In the ensuing decades, they were forced to buy their way back into the business by acquiring some of these biotech companies. According to Evans, the pharmaceutical companies have since learned their lesson. But the point, he noted, is profound: Innovation requires openness and sharing. “It is incompatible with a lot of the traditional ideas about exclusivity, secrecy and ownership,” he noted.

    Brian King: Leading an Agency Under Scrutiny

    There are plenty of reservations about the way in which the U.S. Food and Drug Administration’s Center for Tobacco Products (CTP) has handled its responsibilities. During a brief speech at the GTNF 2022 in Washington, D.C., the new director of the CTP, Brian King, did little to quell those concerns. He did, however, acknowledge the continuum of risk. “We do have certain products that are lower risk than combustible cigarettes, and that’s an important component of the dialogue,” said King.

    King told attendees that there is an opportunity for the CTP to assess the risk of youth vaping initiation and counterbalance that with the opportunity for adults who use e-cigarettes to quit combustible cigarettes.

    “I think that [the] public health standard is pretty critical to the work we do, and it’s definitely a guiding light in terms of my determinations and decision-making,” he said. “Ultimately, it comes down to the science … it’s very critical, to me, to ensure that we use that as our guiding light. And, of course, the onus is on the applicants to ensure that they are providing the most robust signs possible to inform decision-making.”

    The FDA has long been criticized for its handling of the premarket tobacco product application (PMTA) process and is currently defending multiple lawsuits from vapor companies challenging its marketing denial orders (MDOs), including two from Juul Labs, which recently filed a lawsuit over the regulatory agency’s refusal to disclose documents supporting its MDO.

    Juul claims the agency overlooked more than 6,000 pages of the data it submitted on the aerosols that users inhale, according to Joe Murillo, chief regulatory officer at Juul Labs, who also spoke at the conference.

    King said that a sizeable portion of youth are still vaping flavored and disposable products. However, he also said that the potential benefits for adult smokers are “mutually exclusive” from youth uptake concerns. “I don’t think that they necessarily have to be separate; they can certainly be explored concurrently,” he said. “But again, we need to ensure that we’re considering the science from both ends when making our decisions.”

    King said the agency is “continuing to make progress” on the estimated 1 million PMTAs for nontobacco nicotine products as well. He said over 90 percent of the applications have been completed. “We have 350 acceptances so far, and there’s about 800,000 that have received an RTA [a refuse-to-accept letter], and I’m hopeful that within the next few weeks we should be able to get through all 100 percent of those 1 million.”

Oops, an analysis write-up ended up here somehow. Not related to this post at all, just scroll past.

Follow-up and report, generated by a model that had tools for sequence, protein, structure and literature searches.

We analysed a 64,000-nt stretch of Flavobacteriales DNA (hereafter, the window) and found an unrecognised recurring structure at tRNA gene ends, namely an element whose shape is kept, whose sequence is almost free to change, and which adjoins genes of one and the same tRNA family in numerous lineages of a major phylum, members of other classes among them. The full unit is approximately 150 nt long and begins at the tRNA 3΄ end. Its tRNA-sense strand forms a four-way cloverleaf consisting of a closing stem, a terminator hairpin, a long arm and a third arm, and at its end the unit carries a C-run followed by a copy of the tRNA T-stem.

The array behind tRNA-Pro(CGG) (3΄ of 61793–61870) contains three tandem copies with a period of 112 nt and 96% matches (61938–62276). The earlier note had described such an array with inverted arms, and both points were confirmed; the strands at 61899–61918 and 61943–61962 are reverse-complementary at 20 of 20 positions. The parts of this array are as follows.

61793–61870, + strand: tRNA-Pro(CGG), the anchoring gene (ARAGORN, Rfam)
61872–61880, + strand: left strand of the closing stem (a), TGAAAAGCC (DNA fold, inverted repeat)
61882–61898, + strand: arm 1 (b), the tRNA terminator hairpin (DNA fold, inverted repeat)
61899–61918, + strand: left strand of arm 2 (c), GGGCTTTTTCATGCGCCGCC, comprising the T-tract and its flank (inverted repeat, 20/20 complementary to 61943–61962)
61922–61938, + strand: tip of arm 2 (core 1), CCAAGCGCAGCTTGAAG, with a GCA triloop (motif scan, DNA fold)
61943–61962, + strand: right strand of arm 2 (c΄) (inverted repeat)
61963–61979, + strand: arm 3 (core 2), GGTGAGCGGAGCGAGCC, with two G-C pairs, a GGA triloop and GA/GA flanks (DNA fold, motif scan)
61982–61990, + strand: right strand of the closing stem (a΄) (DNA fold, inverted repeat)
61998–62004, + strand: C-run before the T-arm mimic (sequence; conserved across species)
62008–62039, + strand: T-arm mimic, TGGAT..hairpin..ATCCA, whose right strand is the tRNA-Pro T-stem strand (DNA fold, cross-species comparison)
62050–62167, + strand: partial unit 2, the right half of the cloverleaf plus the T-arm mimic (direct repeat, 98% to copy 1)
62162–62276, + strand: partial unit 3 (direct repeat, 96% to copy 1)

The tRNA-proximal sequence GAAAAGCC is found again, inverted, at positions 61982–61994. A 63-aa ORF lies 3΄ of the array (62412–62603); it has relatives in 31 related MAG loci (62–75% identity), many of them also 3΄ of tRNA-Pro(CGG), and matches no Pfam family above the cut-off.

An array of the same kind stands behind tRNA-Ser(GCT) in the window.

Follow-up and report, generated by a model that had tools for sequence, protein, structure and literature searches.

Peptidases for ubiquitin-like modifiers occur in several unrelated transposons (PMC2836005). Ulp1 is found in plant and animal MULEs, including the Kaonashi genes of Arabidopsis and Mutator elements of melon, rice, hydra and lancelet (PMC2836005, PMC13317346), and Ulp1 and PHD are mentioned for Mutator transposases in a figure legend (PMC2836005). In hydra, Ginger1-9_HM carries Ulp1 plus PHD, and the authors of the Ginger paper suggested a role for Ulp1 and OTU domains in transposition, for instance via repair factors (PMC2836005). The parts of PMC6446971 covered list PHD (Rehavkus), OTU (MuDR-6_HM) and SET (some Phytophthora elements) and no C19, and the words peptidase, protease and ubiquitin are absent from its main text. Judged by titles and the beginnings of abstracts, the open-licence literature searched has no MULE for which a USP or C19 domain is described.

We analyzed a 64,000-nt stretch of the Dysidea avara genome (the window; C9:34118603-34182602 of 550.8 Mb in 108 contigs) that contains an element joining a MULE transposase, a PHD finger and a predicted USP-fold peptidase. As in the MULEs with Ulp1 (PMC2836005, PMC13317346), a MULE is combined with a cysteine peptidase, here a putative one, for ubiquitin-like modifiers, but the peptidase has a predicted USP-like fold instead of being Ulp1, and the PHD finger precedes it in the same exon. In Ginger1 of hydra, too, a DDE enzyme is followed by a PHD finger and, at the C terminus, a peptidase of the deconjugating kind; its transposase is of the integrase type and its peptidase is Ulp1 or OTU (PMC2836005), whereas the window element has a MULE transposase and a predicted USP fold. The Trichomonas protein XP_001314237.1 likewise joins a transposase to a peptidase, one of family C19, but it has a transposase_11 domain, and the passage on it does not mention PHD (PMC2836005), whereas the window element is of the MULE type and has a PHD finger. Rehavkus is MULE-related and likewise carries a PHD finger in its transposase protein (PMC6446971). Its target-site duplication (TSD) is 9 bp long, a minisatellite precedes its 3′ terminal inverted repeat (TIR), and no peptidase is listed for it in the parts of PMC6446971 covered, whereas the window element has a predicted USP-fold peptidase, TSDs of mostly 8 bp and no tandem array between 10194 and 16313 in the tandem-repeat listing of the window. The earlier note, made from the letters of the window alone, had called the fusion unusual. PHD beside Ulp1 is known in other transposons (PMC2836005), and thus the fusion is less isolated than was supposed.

Being accepted for review is only the first step in the PMTA process. There are six stages, or rounds, to the PMTA process. After acceptance is filing, then a substantive review before an action is taken. King called the first step an important one. “[It’s] an important step, and I’m committed to ensuring that we keep things moving as expeditiously as possible,” King said.

    King recently told the AP that he believes “there’s a lot of really important science and innovations” that have occurred in the vaping industry in recent years, adding that the most notable is nicotine salts in e-liquids. “We know that when you smoke a tobacco product, it’s a very efficient way to deliver nicotine across the blood-brain barrier. So it’s been very difficult to rival that efficiency in another product,” said King in the interview. “But in the case of nicotine salts, you have the potential to more efficiently deliver nicotine, which could hold some public health promise in terms of giving smokers enough nicotine that they would transition [off cigarettes] completely.”

    King also discussed the FDA’s ability to force companies to comply with its MDOs. So far, very few companies that have been told to remove their products from the market have complied. King said the agency has multiple enforcement options to bring both manufacturers and retailers to heel.

    “We have several tools available to us, including advisory actions,” he said. “We also have regulatory enforcement actions, including voluntary recalls as well as various other requested recalls. We can also take administrative action, civil money penalties (in terms of manufacturers, that penalty cannot exceed $15,000 for any single violation or $1 million for any number of violations related to a single action),” explained King. “When it comes to judicial action, we can do seizure, injunction and also criminal prosecution. I will say that when it comes to enforcement and compliance, nothing is off the table.”